Lemon Rice

This was one of the simpler recipes that didn’t scare me back when I was a beginner in the kitchen.   Today, I cook this whenever I want to whip up something fast and simple, when I don’t feel like eating meat, or when I am swamped with so much work that I refuse can’t cook two different items in one go.  I prefer egg fried rice over lemon rice, but my version of fried rice requires so much cutting and dicing, and a whole army of various sauce bottles that I  decide to go with lemon rice in the end.

I think lemon rice is South Indian in origin.

Anyway, to make this you’ll need:

  • oil
  • cooked rice (I prefer basmati because it looks longer and prettier)
  • a small onion, chopped
  • ½ teaspoon each of chana dal (split chickpea) and urad dal
  • ginger-garlic paste
  • whole, dried red chilies
  • green chilies, chopped
  • cashew nuts, chopped
  • roasted peanuts
  • curry and coriander leaves
  • mustard seeds
  • freshly-squeezed lemon juice
  • turmeric and red chili powder (just a pinch of each)
  • salt, of course


  1. I discovered that lemon rice tastes better when the rice used is fresh and steaming hot.  So start by cooking rice.
  2. Season cooked rice with salt.  Add freshly-squeezed lemon juice.  Mix well and keep aside.
  3. Heat a little oil in a pan.
  4. Let some mustard seeds crackle in the pan, then add the chana and urad dal.  Fry for a couple of minutes.
  5. Add the cashew nuts and roast until slightly golden-brown.
  6. Add peanuts, green and red chilies, curry leaves.  Fry for a minute.
  7. Add the onion and fry until translucent, followed by ginger-garlic paste (the amount of which will depend on how much rice you have).
  8. Add turmeric and red chili powders, and fry real quick.  We don’t want these spices to burn.
  9. Add the rice (which we earlier seasoned with salt and lemon juice).  Cook for 3-4 minutes.
  10. Garnish with coriander leaves.

Some people eat lemon rice with coconut chutney, while some prefer pickles.  I like mine just as it is.


    1. Curry leaves are … well … leaves 🙂 They give off a wonderful aroma when used in cooking. Not only that, curry leaves have a lot of beneficial effects on the body, like it helps the digestive tract to function properly, provides fiber and calcium, used to treat burns and bruises, etc.

      LOL, yeah I remember your fried egg alright 🙂

  1. Hey nadee, being a south-indian & from the origin of Lemon rice to be specific, I have to tell you that this is NOT an authentic recipe for the actual nimmakaaya pulihora.

    “puli-hora” is a Telugu word where in “puli” stands for “pulupu” meaning ‘khatta’ or sour taste & “hora” means strong fragrance or taste. The rice that has a dash of sourness is puli-hora 🙂

    If you are interested, I can give you the original Telugu/Andhra recipe for this rice-make for you to try! And I can also give you the recipe for its sister, chintapandu(tamarind) pulihora. Tamarind rice is also very yummy & easy to make!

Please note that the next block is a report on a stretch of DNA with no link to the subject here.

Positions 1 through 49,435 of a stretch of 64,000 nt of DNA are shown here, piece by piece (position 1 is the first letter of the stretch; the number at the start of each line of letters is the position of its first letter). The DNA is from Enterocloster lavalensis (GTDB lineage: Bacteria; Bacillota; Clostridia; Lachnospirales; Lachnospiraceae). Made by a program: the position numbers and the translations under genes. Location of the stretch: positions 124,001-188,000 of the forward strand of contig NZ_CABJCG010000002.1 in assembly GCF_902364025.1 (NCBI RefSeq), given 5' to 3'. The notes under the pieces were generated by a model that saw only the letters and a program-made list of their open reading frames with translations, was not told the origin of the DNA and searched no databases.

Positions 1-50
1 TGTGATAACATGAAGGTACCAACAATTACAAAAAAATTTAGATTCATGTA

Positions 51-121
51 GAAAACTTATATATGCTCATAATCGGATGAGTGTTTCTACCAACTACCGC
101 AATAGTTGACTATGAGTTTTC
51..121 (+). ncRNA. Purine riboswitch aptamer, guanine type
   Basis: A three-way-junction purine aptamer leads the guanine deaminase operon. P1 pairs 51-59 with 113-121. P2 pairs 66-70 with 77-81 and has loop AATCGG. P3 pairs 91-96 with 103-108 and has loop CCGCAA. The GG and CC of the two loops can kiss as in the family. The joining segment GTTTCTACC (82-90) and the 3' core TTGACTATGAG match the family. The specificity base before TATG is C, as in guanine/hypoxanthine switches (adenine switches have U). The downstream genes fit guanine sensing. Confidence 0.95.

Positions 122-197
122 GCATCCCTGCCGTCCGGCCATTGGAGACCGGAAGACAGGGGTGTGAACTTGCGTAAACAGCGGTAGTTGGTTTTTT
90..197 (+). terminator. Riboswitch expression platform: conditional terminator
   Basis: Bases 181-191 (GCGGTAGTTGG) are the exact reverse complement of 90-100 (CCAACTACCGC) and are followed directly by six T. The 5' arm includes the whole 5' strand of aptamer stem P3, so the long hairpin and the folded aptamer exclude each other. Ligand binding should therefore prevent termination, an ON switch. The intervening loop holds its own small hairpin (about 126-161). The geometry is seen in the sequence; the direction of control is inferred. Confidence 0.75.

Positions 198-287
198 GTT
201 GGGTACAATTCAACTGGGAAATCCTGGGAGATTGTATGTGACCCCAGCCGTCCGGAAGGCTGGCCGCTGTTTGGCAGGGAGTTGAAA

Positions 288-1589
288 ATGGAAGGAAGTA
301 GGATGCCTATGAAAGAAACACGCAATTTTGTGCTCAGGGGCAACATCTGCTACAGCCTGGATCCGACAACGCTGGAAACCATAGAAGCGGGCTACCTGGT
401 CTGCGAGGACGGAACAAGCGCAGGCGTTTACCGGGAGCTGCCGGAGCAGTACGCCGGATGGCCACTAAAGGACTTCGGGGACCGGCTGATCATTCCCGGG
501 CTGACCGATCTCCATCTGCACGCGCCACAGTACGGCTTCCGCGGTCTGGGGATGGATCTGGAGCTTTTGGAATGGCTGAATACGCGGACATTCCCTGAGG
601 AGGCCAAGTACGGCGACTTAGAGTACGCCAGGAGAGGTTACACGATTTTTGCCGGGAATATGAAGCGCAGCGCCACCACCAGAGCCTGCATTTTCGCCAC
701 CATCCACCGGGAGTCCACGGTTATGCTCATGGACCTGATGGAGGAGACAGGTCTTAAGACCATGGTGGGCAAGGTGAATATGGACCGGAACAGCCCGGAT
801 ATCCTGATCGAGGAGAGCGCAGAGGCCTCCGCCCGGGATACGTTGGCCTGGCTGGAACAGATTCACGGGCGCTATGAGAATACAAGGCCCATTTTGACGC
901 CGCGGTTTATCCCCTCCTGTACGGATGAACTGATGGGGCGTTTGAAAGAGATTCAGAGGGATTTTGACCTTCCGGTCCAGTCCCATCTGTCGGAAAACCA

As always, your picture of presenting your idea is wonderful!

    1. Prash, I can’t pronounce the original recipe let alone spell it!

      I am definitely interested in the original recipe! And I’d also love to have the recipe for the … wait, let me cut and paste … chintapandu(tamarind) pulihora.

      Thank you, Prash. You’re the best!

      And I miss you.

  2. Aha! See, I know you can cook…!It might be just a simple recipe, but the end result is the one that matter most. Good work, sis. I am happy for you.

    1. Thank you, sis! Actually, I’ve come a long way in cooking; I’ve improved so much that sometimes I surprise myself 😀 It’s just that along with all the recipes that come out great, there are still times when it doesn’t come out right no matter what I do. And then I get frustrated.

  3. pic looks yummy Nadia 🙂 but like the other reader said I am not sure if this is an authentic south indian lemon rice recipe..will be glad to email you an authentic south indian lemon rice recipe if you want to..



    1. Shubha, this is not the authentic recipe; it’s not even close. This is my version, based on what I saw on different food blogs. But of course, I’d love to get my hands on the original stuff 😀

  4. Another food post is sure making me hungry! 🙂 It’s a south indian dish whether authentic or not,but I’ve not tried it out yet.We Indian muslims here don’t cook so much or maybe not at all, of this variety.Hope to try this someday but I doubt my kids will take a liking to this puli(sour) rice 🙂 And do you know another meaning to puli is? It’s Tiger!! 🙂

    1. Lat, this recipe isn’t really sour; it’s a but crunchy (because of the lentils and nuts) with a delicate taste of lemon juice.

      Tiger? So the dish can be translated as, ‘Tiger Rice’ 😀

    1. That’s okay, Smiley, I didn’t know about lemon rice 4 years ago 🙂

      The taste of lemon doesn’t overpower the rice; there’s just a hint of it. I’m not good at describing tastes, so you’ll have to try it out yourself and let me know.

  5. Okay, this is going to sound really silly… but was the daal cooked? :-$ Will the channa daal soften up enough in a few minutes of frying to be edible?

    Gonna make this with Salmon Steaks today – nom nom 🙂 I found lemon rice suggested as an accompaniment on Chow Hound and I remembered you’d posted a recipe once so.. here I am!

    P.S. I don’t stalk. No, really. Nai, kasam say. 😉

    1. Hey Specs! The dal cooks easily, but you may want to pre-soak it in water for 20 minutes so it softens instantly.

      Your comment went into the spam folder so I didn’t see it right away, and I know by now it’s already too late because you may have already cooked the lemon rice. How did it go?

      I know you don’t never stalk 😉

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